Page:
An all-or-nothing view of scholarly integrity gives rise to some curious behavior. For example, last year, when I was planning a conference on international research collaborations, several people advised me to be sure that the word "integrity" did not appear in the title, lest researchers steer clear. (Since when do people avoid integrity?) Then, about a month ago, I was talking with a university physicist about research conduct, and our discussion turned to scientists who misbehave. His response was, "The problem is that they aren't punished enough. Throw 'em in jail and leave the rest of us alone!"
I don't think that researchers see their own work as perfect and above reproach. To the contrary, I think that researchers are fully aware of problems in their own conduct. People are imperfect and their work is complicated. Things go wrong. People make mistakes and bend the rules. New technologies and novel situations sometimes call for seat-of-the-pants ethical decisions, which may or may not prove justifiable in retrospect. What David Goodstein called "minor hypocrises" and my colleagues and I have termed "normal misbehavior" is a routine part of scholarly research.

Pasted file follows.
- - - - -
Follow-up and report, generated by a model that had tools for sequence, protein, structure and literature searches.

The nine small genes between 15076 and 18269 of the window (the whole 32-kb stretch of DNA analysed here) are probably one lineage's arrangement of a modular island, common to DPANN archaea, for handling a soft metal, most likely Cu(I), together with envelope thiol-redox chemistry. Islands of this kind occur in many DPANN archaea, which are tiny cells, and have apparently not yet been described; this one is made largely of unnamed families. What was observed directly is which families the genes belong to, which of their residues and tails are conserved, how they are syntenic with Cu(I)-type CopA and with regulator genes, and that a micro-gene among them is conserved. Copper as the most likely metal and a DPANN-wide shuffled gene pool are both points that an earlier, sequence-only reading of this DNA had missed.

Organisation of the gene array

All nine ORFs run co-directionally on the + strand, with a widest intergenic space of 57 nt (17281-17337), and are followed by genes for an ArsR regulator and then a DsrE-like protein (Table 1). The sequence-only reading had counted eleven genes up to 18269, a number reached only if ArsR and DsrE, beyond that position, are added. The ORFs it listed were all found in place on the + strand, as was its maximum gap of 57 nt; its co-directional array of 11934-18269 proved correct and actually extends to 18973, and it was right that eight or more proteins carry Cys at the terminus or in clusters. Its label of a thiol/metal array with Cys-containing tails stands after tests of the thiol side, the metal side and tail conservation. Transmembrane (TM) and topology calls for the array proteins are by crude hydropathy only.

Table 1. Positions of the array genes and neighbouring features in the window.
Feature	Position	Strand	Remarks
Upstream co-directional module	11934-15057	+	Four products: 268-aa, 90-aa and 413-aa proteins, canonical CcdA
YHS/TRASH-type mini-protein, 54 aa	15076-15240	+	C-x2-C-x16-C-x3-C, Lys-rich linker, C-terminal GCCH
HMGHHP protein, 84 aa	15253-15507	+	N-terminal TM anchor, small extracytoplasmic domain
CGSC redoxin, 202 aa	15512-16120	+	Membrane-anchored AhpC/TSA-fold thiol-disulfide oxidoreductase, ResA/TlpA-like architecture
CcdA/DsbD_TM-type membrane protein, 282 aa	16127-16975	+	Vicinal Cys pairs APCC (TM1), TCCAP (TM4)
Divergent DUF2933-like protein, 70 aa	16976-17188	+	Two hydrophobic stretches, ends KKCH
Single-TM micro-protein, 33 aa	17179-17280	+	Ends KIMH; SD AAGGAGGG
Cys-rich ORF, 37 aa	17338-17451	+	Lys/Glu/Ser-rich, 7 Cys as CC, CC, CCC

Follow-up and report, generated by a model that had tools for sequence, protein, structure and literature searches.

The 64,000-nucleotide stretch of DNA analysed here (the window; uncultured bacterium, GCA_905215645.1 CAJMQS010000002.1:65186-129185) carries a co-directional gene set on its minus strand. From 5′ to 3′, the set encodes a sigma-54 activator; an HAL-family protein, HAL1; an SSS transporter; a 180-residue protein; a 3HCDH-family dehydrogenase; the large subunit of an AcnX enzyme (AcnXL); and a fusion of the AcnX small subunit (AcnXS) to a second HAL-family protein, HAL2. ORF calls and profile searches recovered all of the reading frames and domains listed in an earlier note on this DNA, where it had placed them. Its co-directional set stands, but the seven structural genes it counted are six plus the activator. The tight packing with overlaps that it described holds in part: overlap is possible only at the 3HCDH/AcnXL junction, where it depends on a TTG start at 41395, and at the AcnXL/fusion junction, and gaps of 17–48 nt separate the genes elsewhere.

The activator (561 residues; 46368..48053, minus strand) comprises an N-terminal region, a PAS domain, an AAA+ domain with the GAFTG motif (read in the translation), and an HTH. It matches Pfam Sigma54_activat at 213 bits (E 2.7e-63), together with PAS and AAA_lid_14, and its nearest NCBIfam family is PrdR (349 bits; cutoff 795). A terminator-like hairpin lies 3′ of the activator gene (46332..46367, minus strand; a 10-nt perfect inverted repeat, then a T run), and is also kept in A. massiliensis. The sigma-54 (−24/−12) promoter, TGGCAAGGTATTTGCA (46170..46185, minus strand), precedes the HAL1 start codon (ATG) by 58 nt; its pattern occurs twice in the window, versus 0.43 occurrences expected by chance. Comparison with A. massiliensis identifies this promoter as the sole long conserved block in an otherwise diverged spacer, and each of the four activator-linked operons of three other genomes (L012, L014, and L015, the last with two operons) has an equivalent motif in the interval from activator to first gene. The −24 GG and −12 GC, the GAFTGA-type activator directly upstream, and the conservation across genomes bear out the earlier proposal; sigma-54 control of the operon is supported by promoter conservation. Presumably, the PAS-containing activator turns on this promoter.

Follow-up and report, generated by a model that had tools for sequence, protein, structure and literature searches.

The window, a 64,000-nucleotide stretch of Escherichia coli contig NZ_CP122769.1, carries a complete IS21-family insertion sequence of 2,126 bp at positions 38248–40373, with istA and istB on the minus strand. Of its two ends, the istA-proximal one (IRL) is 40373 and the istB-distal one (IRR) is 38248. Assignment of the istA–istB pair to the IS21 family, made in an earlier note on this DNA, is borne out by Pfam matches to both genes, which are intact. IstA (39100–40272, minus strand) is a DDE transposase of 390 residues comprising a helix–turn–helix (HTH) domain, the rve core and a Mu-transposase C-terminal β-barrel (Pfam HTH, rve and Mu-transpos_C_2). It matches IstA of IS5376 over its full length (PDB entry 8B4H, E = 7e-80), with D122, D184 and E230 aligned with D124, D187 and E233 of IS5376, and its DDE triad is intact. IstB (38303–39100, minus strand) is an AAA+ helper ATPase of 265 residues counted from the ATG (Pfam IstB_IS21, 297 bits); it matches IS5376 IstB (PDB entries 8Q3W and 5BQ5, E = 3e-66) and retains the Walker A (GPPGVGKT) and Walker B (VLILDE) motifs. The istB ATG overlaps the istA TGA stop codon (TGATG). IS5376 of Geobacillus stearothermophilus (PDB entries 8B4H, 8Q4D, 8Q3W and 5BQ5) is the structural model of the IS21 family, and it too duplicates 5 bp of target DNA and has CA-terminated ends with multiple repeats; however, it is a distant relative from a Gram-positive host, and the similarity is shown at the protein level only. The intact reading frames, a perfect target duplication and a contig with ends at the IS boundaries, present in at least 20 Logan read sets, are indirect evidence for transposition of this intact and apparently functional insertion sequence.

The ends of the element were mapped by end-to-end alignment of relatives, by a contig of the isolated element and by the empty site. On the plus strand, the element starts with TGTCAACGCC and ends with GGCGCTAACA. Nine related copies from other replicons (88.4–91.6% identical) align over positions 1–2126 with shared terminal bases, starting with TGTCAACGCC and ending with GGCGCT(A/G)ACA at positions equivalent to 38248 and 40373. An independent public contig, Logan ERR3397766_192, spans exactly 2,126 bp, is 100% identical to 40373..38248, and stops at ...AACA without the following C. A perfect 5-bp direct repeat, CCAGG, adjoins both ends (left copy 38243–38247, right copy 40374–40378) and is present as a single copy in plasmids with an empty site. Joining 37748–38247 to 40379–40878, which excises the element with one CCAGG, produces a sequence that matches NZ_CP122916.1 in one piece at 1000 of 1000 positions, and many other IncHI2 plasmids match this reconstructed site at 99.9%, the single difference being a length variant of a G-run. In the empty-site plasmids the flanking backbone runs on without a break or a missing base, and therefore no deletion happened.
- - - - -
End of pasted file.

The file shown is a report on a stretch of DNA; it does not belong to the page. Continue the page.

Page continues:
Researchers know that complicated situations give rise to ambiguous ethical choices. Like the physicist, they are eager to dissociate themselves from those who engage in egregiously bad behavior, but I think they are also uncomfortable with the idea of integrity as an impossible standard of perfection. They are all too aware of their own lapses and uncertainties.
The idea of scholarly integrity needs to be grounded in a sense that researchers seek to behave well in sometimes ambiguous circumstances. This view should lead to open consideration of gray areas and ethical complexity, which should draw researchers into the discussion, rather than promote avoidance. Discussions about scholarly integrity need to address practical research issues and problems as they arise, as well as ways to ground solutions in general principles of good research conduct.
Integrity is far more useful when it is treated as a focus point for dealing with ethical problems than as a standard of perfection.
Melissa Anderson, University of Minnesota